Experts are ignoring potentially catastrophic worst-case scenarios for climate change, including the collapse of society or the possible extinction of humans, however unlikely, a group of leading scientists have claimed.
Eleven scientists from around the world are calling for the United Nations’ Intergovernmental Panel on Climate Change, the world’s competent body climate A scientific organization, to make a special scientific report on “catastrophic climate change” in order to “focus on the amount of danger in worst case scenario. In their perspective piece on Monday Proceedings of the National Academy of Sciences They bring up the idea of human extinction and societal collapse around the world in the third sentence, calling it a “grave, under-explored topic.”
Scientists said they’re not saying the worst will happen. They say the problem is that no one knows how likely or likely the “climate end game” is and that the world needs these accounts for battle. Global Warming.
“I think you’re unlikely to see anything even close to extinction over the next century just because humans are so resilient,” said study lead author Luke Kemp of the Center for the Study of Existential Risk at the University of Cambridge in England. . “Even if we have a 1% chance of a global catastrophe, going extinct within the next century, 1%, that’s very high.”
Kemp said catastrophic climate scenarios “likely appear to be sufficient to generate interest” and could lead to prevention and warning systems.
Good risk analyzes take into account both the most likely and the worst that could happen, the study authors said. Because of the backsliding on the part of non-scientists who reject climate change, mainstream climate science has focused on looking at what is likely and also disproportionately on scenarios of low-temperature warming that approach targets, said Tim Linton, co-author, and director of the Climatology Institute. International. Global Systems Institute at the University of Exeter in England.
“There is not enough focus on how things can go wrong and the risks and the risks are reasonably high,” Linton said.
Linton said it was like an airplane. It’s highly likely that you’ll land safely, but that’s only because a lot of attention has been paid to calculating worst case scenario Then find out how to avoid a collision. He said it only works if you look for what can go wrong and not do it enough with climate change.
“The risks may be higher than we thought,” said Jonathan Overbeck, dean of the environment at the University of Michigan, who was not part of the study. He worries that the world may “stumble” on climate risks it doesn’t know about.
When global scientific organizations look at climate change, they tend to just look at what’s happening in the world: extreme weather, rising temperatures, melting iceAnd the Sea level rise and plant and animal extinctions. But they don’t take into account how it resonates human societies And it interacts with existing problems — such as war, hunger and disease — the study authors said.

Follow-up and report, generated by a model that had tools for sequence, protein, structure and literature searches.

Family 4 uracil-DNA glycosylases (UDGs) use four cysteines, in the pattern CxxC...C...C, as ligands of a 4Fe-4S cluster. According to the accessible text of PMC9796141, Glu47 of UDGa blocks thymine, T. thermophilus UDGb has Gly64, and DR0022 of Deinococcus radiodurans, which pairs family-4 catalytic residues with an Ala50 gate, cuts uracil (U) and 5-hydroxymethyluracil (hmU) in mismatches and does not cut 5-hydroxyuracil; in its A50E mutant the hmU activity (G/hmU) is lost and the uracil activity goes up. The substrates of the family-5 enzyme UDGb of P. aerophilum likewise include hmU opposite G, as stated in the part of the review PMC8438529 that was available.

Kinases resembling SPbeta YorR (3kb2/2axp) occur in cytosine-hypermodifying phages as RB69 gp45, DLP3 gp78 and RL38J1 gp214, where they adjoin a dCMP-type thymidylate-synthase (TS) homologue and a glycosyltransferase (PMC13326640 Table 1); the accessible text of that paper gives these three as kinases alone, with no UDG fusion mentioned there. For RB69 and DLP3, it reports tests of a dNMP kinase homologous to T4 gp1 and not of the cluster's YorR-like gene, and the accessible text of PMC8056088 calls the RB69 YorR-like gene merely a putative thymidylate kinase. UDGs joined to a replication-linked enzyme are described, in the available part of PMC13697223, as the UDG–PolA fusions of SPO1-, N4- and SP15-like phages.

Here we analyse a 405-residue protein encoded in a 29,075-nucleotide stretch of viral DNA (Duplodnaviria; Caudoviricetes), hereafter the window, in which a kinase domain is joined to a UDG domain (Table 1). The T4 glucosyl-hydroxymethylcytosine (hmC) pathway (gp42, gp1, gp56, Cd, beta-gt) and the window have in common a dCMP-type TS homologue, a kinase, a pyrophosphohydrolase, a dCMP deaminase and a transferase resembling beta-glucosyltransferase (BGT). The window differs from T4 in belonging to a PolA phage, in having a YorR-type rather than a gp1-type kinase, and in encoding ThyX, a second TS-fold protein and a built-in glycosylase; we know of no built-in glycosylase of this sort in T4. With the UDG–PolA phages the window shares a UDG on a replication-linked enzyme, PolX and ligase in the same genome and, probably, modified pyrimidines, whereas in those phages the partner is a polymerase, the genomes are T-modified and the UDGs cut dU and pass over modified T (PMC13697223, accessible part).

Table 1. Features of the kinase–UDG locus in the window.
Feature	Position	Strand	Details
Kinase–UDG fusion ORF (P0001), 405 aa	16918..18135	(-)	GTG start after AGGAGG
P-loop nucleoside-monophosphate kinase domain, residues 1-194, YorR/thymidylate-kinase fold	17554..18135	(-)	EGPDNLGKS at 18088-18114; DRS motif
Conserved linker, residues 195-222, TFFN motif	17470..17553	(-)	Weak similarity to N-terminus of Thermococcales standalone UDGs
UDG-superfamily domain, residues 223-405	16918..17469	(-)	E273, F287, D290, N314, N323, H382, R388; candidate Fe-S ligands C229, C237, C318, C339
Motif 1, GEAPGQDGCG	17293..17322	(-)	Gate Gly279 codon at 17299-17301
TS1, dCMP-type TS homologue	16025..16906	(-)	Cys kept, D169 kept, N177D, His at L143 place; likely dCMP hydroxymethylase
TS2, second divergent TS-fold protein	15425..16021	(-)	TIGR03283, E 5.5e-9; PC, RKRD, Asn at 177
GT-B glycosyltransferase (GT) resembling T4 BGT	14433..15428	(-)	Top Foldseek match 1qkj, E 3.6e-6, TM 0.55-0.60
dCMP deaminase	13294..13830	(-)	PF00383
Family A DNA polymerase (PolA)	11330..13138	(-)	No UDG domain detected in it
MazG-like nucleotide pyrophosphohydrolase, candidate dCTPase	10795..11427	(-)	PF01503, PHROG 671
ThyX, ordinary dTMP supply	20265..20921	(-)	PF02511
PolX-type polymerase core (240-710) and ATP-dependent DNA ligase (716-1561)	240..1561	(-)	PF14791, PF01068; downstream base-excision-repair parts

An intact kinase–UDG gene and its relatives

“If we didn’t look at cross-risks, we would be painfully surprised,” said the University of Washington. Public Health and climate professor Kristi Ibe, a co-author like Linton who was part of the United Nations Global Climate Assessments.
Ibe said it was a mistake health professionals made before COVID-19 when assessing potential epidemics. They talked about the spread of the disease, but not the lockdown, supply chain problems and surging economies.
The study’s authors said they worry more about societal breakdown – wars, famines and economic crises – linked to climate change than to physical changes on the Earth itself.
Outside climatologists and risk experts have been welcoming and wary of focusing on the worst of the worst, Many even reject the talk of climate torment.
“I don’t think civilization as we know it will come out of this century,” University of Victoria climate scientist Andrew Weaver, a former British Columbia lawmaker for the Greens, said in an email. “Resilient humans will survive, but our societies that have been civilized and supported by rural agriculture will not.”
Climate scientist Zeke Hausfather of Stripe and Tech Berkeley Earth has criticized climate scientists in the past for using future scenarios to dramatically increase carbon pollution when the world is no longer on those paths of rapid warming. However, he said it makes sense to look at catastrophic scenarios “as long as we are careful not to confuse the worst case with the possible outcome”.
Talking about human extinction is not “a very effective communications tool,” said Kim Cobb, a climate scientist at Brown University. “People tend to immediately say, OK, that’s just, you know, arm-waving or doomsday promotion.”
She said what happens without extinction is bad enough.
Co-author Tim Linton said research into worst-case scenarios might not find cause for concern: “You could probably rule out a number of these bad scenarios entirely. Well, that’s actually worth taking your time doing that. Then we all have to cheer up a bit.”
Luke Kemp et al, Climate Endgame: exploring catastrophic climate change scenarios, Proceedings of the National Academy of Sciences (2022). DOI: 10.1073/pnas.2108146119
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